The main reason of my firm believe is because if you look at our corners and streets in Bangkok. You will find at least, 2-10 of Somtam vendors in one street, there are everywhere; good ones, hygienic ones, dirty ones, popular ones. Surprisingly, all of them seems to sell (make money) no matter there are more than 100 venders being close together in one street. Somtam is probably the most popular and most eaten salad dish in Thailand.

Somtam is originally from E-saan (You can find it in Laos too.) When the Labours from E-saan relocated to all over of Thailand to find job, they bring their food. Therefore, Somtam and some more popular E-saan dishes find their place in almost of every corner of Thailand

I personally love Somtam to bits. I don’t know since when it becomes one of my favourite. (When I was young I didn't even know it.) One of the best places to visit is "Somtam Noir" ( I like to call it "SomtamNoir" rather than "SomtamNua".) The place cooked mean dishes of Somtam (with Salted Crab, Thai Style, Junkle Style, and Mixed Style.) and not only Somtam is good but the rest of menu is also wroth trying. I am a fan of their fried Chicken Wings.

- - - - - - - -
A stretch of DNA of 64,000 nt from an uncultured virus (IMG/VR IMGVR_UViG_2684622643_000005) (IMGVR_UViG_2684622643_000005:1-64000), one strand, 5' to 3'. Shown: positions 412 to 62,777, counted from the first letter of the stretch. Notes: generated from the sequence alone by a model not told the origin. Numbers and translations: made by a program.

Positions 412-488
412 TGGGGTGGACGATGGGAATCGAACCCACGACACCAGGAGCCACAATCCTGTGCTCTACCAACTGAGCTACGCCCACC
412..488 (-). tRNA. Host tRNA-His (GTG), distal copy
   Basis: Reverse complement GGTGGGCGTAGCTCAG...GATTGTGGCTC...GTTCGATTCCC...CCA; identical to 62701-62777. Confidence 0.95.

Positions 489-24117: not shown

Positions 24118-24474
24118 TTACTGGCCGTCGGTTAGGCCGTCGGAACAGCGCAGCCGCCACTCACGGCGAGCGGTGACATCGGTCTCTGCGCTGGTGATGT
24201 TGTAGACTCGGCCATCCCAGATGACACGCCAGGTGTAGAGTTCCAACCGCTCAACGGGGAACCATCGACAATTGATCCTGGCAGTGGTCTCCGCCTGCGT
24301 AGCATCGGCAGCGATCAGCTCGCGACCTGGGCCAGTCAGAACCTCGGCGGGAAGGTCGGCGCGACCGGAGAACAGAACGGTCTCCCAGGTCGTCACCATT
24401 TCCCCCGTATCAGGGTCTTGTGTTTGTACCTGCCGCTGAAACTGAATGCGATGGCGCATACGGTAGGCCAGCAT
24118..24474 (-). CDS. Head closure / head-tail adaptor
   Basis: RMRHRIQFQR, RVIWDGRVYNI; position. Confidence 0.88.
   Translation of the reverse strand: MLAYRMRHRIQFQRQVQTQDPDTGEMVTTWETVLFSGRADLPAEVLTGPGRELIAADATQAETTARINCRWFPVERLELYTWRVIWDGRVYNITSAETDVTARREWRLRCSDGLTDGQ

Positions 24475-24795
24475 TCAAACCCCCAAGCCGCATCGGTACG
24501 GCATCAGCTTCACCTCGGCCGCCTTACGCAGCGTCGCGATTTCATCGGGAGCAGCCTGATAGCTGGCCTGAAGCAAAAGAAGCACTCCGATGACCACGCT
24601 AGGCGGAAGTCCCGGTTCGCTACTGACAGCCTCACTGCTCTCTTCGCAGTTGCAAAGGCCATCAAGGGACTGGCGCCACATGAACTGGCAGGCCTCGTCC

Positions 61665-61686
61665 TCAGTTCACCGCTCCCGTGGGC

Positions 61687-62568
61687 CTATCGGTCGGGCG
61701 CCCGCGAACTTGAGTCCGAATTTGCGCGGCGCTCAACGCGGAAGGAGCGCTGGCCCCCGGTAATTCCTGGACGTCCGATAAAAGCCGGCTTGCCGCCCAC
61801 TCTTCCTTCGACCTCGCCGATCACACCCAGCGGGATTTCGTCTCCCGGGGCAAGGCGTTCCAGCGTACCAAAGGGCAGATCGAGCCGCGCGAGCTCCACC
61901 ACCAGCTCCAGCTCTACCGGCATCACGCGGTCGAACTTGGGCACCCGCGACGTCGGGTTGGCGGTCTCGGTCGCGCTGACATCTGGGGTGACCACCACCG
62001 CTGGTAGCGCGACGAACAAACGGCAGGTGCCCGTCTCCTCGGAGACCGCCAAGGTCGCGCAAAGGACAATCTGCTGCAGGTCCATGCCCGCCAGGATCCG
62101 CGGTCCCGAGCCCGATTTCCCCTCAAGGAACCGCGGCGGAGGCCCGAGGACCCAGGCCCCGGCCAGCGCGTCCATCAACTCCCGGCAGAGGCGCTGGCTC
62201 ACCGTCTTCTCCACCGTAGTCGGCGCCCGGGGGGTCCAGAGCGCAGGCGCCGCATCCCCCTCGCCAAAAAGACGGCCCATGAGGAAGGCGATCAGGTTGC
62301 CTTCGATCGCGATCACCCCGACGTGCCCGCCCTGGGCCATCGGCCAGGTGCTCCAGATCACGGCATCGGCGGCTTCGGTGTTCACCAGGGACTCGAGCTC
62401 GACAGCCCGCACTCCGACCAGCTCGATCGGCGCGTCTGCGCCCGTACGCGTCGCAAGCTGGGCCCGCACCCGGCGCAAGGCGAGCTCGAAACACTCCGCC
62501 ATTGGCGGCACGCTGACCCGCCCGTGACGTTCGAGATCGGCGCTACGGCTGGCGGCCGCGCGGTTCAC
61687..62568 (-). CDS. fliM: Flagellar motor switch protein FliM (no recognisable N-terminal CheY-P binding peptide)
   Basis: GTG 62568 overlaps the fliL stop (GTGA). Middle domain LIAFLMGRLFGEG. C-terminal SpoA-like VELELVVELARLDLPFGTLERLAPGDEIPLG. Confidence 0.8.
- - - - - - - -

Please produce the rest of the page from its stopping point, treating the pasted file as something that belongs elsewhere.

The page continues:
This particulary Branch that I visited very often is located in Siam Square Soi 5. (Strange, this area is popular by teenagers – this means Thai teenagers love Somtam?? That’s a good news. It’s always better when they like Somtam too, not just only the Junk Food : Burger & Pizza. Somtam is healthier for them.)
The place is always fully packed and every time I went there, I had to wait at least 10-15 mins in order to get a seat. It’s packed since opening time till closing time. If you ever notice, after 13.00pm, their Staff always look tired & exhausted as there are always too busy, the staff are probably too worn out. (There are actually lots of staff there.)